Colorado statutes do not specify a minimum distance for pacing, but most courts will require a minimum of 1/8 to 1/4 of a mile. Case law does not set an exact criteria, but it has been noted:
A person of reasonable intelligence may express an opinion of the speed of an automobile or other moving object coming under his observation without proof of further qualifications. Eagan v. Maiselson, 142 Colo. 233, 350 P.2d 567 (1960) - this involved a civilian's estimation of speed re: negligence in an auto accident.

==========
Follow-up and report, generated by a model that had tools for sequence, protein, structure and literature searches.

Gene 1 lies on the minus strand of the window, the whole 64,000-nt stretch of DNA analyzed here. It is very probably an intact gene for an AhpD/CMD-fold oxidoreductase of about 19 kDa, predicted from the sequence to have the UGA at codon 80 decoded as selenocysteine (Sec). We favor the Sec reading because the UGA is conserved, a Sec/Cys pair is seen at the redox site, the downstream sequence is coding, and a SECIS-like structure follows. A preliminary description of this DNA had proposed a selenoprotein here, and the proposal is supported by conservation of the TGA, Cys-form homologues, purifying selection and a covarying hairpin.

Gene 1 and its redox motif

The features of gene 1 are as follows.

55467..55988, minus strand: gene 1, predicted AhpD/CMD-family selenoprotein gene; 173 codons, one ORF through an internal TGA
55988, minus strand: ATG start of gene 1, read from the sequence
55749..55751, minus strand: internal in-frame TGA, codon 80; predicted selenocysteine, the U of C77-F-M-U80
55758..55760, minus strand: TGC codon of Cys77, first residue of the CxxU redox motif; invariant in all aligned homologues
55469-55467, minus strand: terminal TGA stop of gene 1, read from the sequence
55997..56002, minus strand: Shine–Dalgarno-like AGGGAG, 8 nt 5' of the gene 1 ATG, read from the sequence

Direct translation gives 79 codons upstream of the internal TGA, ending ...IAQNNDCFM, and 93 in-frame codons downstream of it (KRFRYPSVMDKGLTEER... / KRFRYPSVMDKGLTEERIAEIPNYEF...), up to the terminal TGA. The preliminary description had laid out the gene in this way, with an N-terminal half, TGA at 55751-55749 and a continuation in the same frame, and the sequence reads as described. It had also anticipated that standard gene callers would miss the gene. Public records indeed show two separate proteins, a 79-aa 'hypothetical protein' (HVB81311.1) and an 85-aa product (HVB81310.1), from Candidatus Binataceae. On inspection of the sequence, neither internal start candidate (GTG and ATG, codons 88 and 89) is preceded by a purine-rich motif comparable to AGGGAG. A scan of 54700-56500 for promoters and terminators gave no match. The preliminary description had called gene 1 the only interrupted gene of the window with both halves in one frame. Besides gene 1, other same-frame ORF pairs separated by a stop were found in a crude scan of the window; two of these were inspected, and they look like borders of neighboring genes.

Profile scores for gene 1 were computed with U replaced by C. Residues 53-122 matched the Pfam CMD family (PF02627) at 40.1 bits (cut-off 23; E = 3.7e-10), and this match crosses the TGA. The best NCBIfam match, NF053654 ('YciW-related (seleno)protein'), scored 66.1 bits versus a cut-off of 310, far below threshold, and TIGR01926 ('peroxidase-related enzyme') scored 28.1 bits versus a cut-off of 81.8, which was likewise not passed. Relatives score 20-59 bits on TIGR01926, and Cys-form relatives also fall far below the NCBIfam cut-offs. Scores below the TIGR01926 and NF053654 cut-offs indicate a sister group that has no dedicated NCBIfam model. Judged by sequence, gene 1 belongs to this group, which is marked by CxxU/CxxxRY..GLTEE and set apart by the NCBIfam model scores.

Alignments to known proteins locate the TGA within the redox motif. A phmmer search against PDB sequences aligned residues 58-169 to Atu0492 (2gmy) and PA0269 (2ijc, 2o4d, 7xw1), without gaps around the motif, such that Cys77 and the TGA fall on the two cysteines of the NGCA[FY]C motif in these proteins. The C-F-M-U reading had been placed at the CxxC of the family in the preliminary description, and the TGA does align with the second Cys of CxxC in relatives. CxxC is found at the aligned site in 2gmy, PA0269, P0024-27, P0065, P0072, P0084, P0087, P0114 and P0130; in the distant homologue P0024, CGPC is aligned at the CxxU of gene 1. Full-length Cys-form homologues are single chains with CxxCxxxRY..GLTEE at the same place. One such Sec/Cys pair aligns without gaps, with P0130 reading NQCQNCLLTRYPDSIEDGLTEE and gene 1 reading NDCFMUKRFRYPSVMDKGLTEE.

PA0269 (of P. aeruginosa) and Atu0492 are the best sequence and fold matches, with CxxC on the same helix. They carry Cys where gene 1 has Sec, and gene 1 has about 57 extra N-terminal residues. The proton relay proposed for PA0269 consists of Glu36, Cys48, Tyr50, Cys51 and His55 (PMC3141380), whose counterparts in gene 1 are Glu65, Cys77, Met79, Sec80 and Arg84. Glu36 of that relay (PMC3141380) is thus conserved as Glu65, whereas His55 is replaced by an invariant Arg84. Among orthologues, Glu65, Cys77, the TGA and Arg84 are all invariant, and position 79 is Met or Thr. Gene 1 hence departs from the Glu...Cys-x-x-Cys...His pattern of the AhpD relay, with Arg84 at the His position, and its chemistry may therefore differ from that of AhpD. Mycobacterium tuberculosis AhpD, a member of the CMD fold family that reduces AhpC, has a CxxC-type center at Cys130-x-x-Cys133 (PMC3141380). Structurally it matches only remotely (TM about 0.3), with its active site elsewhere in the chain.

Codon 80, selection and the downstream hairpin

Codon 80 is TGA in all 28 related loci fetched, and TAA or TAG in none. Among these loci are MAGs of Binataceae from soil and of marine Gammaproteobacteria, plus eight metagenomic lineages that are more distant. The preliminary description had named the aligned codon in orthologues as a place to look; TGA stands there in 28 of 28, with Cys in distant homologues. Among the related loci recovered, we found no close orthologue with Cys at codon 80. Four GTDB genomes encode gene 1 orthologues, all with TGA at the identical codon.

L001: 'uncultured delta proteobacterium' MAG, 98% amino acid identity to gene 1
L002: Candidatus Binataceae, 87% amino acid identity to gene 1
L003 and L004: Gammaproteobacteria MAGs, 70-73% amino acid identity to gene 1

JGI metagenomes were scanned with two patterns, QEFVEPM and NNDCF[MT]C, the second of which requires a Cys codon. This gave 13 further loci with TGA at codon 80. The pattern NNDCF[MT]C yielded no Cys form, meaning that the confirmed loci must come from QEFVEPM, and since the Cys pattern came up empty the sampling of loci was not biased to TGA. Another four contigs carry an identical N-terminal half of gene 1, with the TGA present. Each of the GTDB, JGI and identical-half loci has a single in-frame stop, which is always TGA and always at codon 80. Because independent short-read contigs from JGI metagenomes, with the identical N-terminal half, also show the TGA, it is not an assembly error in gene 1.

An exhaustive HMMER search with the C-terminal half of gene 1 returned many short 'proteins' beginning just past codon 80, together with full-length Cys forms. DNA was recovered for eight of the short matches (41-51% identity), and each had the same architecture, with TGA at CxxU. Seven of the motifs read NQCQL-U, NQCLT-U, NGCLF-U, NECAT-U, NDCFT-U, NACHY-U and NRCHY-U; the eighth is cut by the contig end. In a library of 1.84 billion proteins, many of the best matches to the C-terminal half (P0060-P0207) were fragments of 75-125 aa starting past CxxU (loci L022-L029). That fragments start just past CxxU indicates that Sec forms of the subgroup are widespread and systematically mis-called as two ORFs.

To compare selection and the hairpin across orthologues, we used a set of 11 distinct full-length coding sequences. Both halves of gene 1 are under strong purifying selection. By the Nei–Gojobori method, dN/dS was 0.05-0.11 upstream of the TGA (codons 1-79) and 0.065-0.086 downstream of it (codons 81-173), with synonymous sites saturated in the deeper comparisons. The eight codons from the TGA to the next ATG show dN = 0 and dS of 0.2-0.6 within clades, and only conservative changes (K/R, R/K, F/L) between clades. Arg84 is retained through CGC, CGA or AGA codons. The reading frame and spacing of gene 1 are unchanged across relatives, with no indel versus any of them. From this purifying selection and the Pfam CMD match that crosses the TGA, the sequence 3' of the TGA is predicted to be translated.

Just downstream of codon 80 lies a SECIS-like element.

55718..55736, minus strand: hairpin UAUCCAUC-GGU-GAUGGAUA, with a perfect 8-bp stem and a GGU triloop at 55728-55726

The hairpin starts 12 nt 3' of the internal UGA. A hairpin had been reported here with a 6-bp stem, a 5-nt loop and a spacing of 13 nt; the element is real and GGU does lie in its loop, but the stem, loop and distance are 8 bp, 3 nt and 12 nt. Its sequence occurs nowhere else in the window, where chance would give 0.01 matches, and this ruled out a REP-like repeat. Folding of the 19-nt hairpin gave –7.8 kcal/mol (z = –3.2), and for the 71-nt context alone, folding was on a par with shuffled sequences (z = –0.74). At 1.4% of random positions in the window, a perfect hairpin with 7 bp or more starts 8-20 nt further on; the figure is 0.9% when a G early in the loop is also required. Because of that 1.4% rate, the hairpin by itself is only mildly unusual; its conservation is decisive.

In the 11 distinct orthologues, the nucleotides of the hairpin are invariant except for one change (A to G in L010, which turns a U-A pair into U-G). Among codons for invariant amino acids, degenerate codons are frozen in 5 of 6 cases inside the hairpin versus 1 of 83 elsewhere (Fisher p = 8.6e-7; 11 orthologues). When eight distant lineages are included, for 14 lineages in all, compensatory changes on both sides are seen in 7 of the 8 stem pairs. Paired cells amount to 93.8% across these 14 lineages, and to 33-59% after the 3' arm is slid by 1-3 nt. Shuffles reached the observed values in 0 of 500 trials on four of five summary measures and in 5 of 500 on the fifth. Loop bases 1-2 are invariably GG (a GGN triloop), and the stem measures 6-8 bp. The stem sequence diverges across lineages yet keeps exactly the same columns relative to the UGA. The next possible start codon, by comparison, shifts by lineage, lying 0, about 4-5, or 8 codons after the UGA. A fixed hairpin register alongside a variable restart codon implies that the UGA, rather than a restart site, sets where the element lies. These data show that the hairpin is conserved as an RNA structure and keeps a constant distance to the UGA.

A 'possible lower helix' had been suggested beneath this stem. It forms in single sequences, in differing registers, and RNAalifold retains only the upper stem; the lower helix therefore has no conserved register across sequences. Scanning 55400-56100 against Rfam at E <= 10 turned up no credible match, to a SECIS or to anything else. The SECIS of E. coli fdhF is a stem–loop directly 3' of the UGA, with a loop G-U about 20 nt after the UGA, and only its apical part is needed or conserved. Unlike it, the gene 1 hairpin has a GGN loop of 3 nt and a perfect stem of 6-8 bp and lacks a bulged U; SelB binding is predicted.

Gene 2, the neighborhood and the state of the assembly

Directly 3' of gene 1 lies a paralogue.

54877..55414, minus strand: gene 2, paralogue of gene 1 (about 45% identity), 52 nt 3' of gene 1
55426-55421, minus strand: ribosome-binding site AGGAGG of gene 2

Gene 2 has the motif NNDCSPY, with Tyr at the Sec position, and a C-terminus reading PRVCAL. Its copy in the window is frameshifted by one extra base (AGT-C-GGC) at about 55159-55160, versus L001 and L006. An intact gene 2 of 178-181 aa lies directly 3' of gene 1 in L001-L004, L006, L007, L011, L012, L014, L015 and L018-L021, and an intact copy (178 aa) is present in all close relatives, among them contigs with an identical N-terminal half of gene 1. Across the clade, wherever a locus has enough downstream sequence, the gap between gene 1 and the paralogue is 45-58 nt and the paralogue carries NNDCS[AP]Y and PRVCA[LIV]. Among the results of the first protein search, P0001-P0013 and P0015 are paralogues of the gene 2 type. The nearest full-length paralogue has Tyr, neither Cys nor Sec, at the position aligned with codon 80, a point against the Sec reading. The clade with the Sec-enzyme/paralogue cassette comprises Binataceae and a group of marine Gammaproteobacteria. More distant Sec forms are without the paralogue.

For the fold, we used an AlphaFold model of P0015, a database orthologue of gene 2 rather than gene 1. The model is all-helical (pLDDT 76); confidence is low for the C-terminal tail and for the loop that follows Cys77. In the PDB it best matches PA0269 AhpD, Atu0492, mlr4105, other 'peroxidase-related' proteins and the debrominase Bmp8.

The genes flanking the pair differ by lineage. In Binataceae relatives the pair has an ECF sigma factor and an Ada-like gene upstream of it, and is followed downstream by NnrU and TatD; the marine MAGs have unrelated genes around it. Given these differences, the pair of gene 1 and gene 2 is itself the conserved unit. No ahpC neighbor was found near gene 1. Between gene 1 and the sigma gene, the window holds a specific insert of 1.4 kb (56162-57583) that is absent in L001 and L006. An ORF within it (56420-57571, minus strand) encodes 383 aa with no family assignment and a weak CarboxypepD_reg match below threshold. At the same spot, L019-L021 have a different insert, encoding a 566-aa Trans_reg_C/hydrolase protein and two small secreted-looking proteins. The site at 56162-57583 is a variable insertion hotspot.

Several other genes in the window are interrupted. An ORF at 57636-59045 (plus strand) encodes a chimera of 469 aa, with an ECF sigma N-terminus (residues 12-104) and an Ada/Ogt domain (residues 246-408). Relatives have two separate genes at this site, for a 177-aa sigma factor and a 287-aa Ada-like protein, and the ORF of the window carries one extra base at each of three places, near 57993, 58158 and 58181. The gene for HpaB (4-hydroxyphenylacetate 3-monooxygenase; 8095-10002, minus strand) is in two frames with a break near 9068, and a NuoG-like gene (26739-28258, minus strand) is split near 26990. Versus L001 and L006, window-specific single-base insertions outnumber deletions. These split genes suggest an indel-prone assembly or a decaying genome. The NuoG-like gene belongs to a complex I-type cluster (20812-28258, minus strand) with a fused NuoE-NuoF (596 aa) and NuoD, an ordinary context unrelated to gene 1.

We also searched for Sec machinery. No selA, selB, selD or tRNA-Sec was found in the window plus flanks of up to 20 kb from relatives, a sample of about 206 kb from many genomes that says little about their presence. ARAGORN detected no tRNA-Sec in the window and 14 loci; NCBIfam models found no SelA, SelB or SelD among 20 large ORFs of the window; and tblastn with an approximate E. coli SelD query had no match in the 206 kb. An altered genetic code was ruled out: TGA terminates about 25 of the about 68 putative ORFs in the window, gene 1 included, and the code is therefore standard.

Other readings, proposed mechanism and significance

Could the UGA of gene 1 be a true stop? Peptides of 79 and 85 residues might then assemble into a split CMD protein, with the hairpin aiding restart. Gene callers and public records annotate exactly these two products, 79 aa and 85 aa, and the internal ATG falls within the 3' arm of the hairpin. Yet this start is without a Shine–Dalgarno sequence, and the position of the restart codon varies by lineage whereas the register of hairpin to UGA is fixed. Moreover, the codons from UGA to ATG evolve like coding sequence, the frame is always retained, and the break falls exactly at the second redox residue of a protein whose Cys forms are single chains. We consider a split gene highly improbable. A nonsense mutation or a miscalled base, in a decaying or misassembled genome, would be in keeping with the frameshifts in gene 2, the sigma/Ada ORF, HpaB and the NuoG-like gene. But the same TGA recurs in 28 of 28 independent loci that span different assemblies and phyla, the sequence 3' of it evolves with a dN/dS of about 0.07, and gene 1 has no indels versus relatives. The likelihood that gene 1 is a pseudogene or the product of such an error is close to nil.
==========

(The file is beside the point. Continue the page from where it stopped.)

Most police officers are trained in how to pace, usually consisting of going out with an instructor and a radar unit and visually estimating the speed of vehicles traveling on a roadway.
The officer needs to prove they were able to pace a "reasonable distance" but that has never been established.
To challenge the officer's testimony, one would want to know the officer's training, how long the officer paced the vehicle (both distance, and time), whether there were hills, curves, etc;
If the cross examination puts enough doubt in the judge's mind then they will dismiss the ticket.
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